In yesterday’s post I took local real estate agent, appraiser, and real estate educator Richard Hagar to task for some misleading statements he made during a live appearance on KUOW last week. Specifically, I called out his claim that Washington State is currently experiencing net migration of 125,000 people per year.
Mr. Hagar dropped by the comments to defend his statments:
I was talking about a growth rate, not absolute figures. The Blog’s figures are based on April stats from the Gov. My figures are from the stats. supplied by the DOL “Net Drivers License” for September, which is why we have different figures. The State and PSCG uses the DOL numbers as an interim between the population update supplied by the Budget Office.
Net drivers licenses are nice since they are reported on a monthly basis and are usually only 60 days behind reality. The bad side is they don’t count the population, only people obtaining drivers licenses (add for kids, subtract for illegals). However, they are good at indicating the direction in growth and over the years have been reasonably accurate.
Drivers licenses increased by:
> 14,209 in July,
> 11,010 in Aug and
> 12,100 in September.
These three months indicate a growth RATE of approximately 120,000 (ish) for the year. The year to date stats. indicate Washington has grown by approximately 65,544 ending in Sept. That’s a healthy growth. Very similar to growth in the mid 90’s and 2004/2005.
There are a couple of major problems here. One was pointed out by reader NumberMonkey:
Using drivers licenses as a seasonal proxy is pretty awful because registration is highly seasonal. Both immigrants and new driver residents prefer to register in summer. So your growth rate figure is going to be badly overstated in summer because of your poor data selection.
NumberMonkey is right. It makes no sense with a highly seasonal data series such as migration to select the three busiest months of the year and interpolate an annual rate from those numbers. In fact, it’s downright misleading. Unless of course you think it’s valid to claim—based on July-September data—that Seattle’s average high temperature is 72° year-round.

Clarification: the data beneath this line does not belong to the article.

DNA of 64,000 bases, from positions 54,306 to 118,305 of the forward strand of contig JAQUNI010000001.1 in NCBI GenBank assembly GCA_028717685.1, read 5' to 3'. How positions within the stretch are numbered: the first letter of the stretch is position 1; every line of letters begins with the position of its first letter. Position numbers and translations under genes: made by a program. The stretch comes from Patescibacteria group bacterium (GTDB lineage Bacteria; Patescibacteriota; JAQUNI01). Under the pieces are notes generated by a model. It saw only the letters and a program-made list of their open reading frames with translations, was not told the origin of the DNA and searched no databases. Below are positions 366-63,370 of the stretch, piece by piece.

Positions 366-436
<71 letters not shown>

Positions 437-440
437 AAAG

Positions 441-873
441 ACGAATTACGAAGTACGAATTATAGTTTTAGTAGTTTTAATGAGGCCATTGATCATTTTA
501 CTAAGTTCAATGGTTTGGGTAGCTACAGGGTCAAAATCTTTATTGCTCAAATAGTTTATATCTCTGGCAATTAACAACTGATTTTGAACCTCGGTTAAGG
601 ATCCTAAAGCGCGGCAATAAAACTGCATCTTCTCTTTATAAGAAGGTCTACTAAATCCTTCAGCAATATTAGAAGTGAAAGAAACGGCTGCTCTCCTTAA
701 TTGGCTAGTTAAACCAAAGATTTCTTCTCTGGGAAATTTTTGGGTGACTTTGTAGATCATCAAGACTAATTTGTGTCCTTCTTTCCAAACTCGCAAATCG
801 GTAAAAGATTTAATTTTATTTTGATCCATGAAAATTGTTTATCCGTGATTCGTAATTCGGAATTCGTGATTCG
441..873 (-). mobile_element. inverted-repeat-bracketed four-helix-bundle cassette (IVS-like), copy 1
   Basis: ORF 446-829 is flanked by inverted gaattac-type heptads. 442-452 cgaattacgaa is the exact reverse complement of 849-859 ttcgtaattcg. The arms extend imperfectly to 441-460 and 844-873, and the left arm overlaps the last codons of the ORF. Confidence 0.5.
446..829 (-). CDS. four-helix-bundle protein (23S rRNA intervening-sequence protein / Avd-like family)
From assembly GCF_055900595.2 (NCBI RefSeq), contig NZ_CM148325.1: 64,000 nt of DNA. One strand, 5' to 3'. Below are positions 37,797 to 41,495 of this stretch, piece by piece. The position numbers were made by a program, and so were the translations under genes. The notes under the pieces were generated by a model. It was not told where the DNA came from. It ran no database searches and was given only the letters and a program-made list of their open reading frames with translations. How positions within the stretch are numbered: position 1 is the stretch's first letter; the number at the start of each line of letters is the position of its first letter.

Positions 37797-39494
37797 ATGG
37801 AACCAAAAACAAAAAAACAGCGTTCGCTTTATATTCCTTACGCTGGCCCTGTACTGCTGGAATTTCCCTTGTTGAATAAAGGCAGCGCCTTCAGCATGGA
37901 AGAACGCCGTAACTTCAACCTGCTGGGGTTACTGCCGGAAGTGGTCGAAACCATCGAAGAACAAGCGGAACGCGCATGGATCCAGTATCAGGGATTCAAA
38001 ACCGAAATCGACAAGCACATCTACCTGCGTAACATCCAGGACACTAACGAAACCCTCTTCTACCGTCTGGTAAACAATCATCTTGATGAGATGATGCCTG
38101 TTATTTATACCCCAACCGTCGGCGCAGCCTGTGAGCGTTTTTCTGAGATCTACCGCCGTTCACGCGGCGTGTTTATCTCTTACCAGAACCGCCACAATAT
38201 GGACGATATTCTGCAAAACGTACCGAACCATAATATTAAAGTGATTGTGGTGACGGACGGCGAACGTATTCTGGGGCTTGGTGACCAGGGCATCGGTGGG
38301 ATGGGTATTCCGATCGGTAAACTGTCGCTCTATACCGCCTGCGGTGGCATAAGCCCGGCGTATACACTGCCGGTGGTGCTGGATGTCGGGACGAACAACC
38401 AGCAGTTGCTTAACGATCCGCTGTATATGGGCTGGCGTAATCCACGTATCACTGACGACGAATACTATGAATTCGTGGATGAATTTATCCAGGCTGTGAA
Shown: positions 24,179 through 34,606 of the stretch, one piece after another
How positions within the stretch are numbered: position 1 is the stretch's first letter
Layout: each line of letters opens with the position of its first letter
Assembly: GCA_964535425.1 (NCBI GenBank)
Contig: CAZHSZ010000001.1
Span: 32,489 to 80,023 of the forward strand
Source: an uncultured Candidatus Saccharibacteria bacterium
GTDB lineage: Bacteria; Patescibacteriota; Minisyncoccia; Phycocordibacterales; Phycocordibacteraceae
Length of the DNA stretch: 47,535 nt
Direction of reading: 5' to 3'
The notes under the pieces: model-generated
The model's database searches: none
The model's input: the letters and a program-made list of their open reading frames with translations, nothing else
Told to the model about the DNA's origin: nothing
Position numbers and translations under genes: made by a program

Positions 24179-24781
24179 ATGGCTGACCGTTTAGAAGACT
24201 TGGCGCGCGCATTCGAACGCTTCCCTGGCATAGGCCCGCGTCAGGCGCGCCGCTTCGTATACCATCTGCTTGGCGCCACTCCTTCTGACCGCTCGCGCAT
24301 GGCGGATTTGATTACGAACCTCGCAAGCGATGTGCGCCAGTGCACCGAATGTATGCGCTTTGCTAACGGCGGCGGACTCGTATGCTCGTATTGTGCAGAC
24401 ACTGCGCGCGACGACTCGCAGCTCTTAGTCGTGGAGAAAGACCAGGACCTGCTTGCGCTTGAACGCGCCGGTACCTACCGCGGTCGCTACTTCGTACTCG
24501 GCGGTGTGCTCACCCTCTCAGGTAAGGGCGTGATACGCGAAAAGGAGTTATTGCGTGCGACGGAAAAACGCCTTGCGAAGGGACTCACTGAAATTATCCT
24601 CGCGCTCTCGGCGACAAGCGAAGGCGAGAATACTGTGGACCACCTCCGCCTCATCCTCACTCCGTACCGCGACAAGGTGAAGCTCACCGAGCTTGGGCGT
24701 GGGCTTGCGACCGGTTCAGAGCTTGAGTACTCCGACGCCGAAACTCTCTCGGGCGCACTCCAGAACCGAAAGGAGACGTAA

There’s another problem with Richard’s method though. Head over to the Department of Licensing page to grab the driver license data he refers to and you’ll notice the following warning just above the download links:
Note: The calculation of net migration is not recommended due to incomplete or delayed reporting of surrendered license data by other states or countries.
In other words, Richard is doing exactly what the DOL says not to do with their numbers.
Here’s a visualization of actual net migration via the OFM, the annual sum of net drivers license data from the DOL (that they specifically warn is not net migration), and the “annual rate” of net drivers licenses based on July-September data:
Of course, the fact that he’s applying an invalid method of annualization to a set of data that users are explicitly warned against using in exactly the way he’s using doesn’t matter, according to Richard:
I understand both warnings and of course Summer has higher figures. I’ve been tracking population growth for quite a while. Chart the DOL figures over the past 10 years. Overlay that with Census figures of actual growth. You will note a correlation. It’s not exact and that was not the direction I was going. I think… that while people are trying to nit-pick a figure, they are missing the point… The Seattle area is growing and the figures are looking nice, especially after what was going on last year.
Actually, I’m not seeing much of a correlation at all in the above chart. But that shouldn’t matter, according to Richard. Who cares if the data is way off? You’re missing the point! The point is, a recovery is just around the corner!
Just like how in August 2007, home prices were due to keep going up!
John Maynard: Richard Hagar, I want to ask you about real estate prices in Seattle. Where do you think they’re headed?
Hagar: Well, here’s the good news. I don’t think they’re going down. … I think for the rest of the year, and maybe into the first month or two of 2008, our property values are going to remain fairly neutral. I don’t see any up, but I don’t see any major downturn in any of these prices.
We’ve got something going on in the state of Washington that very few other people have. We have a phenomenal economy. We have growth going on like you will not believe. We have—in the state of Washington, roughly a hundred and twenty thousand people move here every year. …That’s the net.
Maynard: So, if I understand what you’re saying, you’re saying prices are going up, and will continue to do so?
Hagar: At a much slower rate than they have over the last five years, yes.
In my opinion, Mr. Hagar should stick to the subject of real estate mortgage and appraisal fraud, and stay out of the market forecast business.